Bunuel came to Brighton from Cuba and has attended Saint Columbkille for 45 years. She has nothing but kind words for the church’s staff. She said they’ve welcomed the growing Hispanic congregation with open arms. But she also said she believes there’s still a cultural gap that only a Hispanic priest can fill.

“Sometimes people, they have problems with their jobs and the children,” Bunuel said. “And sure, they need guidance, and sometimes they get intimidated because they don’t think an English- speaking priest is going to understand them.”

Harrington said bridging that cultural gap is key, especially when it comes to American and foreign priests who work in the same parish.

“That is the definite need, a definite need today that the pastors have too -- who might be welcoming this priest to serve in that parish,” Harrington said. “He might be living with that priest in the rectory. He really needs to have some training about the priest and the culture that he’s coming from.”

Such a relationship is taking place at Saint John the Evangelist in North Cambridge. It’s been more than two years since Father Arlin Jean-Louis arrived to help serve the church’s Haitian community.

“We are trying to bring them together, to work together, making team, you know,” Jean-Louis said. “We have a wonderful youth group. You see how all the kids are involved in so many things, doing collections, singing. They’re doing everything, you know. It’s a wonderful experience. I hope that we get enough time to go forward.”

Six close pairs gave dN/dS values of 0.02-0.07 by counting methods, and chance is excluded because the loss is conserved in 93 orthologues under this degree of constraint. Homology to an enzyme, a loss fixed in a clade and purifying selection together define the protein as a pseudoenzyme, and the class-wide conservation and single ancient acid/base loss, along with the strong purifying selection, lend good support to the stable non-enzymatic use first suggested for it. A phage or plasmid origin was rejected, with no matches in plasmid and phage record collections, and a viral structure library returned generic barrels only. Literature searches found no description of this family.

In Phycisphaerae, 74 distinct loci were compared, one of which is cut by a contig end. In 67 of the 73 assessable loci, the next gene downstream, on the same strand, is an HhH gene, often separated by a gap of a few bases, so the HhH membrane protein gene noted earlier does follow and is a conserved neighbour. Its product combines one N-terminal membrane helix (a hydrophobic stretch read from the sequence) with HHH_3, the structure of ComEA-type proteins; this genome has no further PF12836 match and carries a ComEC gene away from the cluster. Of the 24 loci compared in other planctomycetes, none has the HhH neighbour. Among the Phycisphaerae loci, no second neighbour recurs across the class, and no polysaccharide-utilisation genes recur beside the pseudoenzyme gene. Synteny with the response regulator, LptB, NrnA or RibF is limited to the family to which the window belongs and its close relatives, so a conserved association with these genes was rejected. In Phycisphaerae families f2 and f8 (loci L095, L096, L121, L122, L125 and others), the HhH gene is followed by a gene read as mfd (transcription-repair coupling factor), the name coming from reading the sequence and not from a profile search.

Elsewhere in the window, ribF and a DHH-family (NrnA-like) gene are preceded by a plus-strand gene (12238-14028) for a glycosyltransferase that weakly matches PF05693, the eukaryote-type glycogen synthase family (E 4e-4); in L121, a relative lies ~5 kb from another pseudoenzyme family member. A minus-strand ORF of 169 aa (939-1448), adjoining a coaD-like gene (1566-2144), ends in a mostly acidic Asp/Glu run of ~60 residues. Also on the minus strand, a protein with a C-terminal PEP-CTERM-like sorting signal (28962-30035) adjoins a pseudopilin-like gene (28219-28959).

Jean-Louis works with Father Charles Collins, who is the pastor at Saint John. Collins said he and Jean-Louis have carved out a unique working relationship.

“The associate pastor, who is Haitian, we’ve worked it out where he’s in some ways their go-to person,” Collins said. “He’s in their eyes their pastor, whereas then I’m the one that oversees both communities.”

Around 100 Haitians regularly attend Saint John’s Sunday Creole service. For some, like Andree Etienne, the church is their third in 10 years, after two prior Cambridge parishes were closed. Etienne said, so far, she and others have been happy at Saint John and hope there won’t be any more moving.

“It’s like we are in balance,” Etienne said. “We don’t know what is the outcome, when we will be moving again. So it’s like our prayer is always like, ‘God, we want to stay where we are.’ We feel like we’re home.”

That sense of home, though, has not yet fully extended to the rest of the parish. While Collins says there are no major conflicts between Haitians and other congregants, he admits that outreach to bring the Haitian congregation into the larger church community has not always succeeded.

Etienne and fellow parishioner Marieta Montoute said they’ve tried going to Saint John’s English Mass, but don’t feel the same connection as the Creole service.

“My mother, she doesn’t speak English at all,” Etienne said. “I bring her to the mass. Through the end, it’s English. She doesn’t feel comfortable, and her faith is going bad because she doesn’t really understand what’s going on.”

“Myself, too,” Montoute said. “If I go to an English mass, it’s, like, just for the communion.”

But despite their differences, all of Saint John the Evangelist -- and every other congregation in the archdiocese -- do share one other thing in common. Soon, they’ll all be collaborators.

The Archdiocese has just rolled out an ambitious new five-year plan called Disciples in Mission. It restructures all 288 parishes into collaboratives of two or three churches.

Parishes will keep their identity, but only one pastor will oversee each collaborative.

The plan lists eight qualities it’s looking for in a pastor. Two of them address language and culture.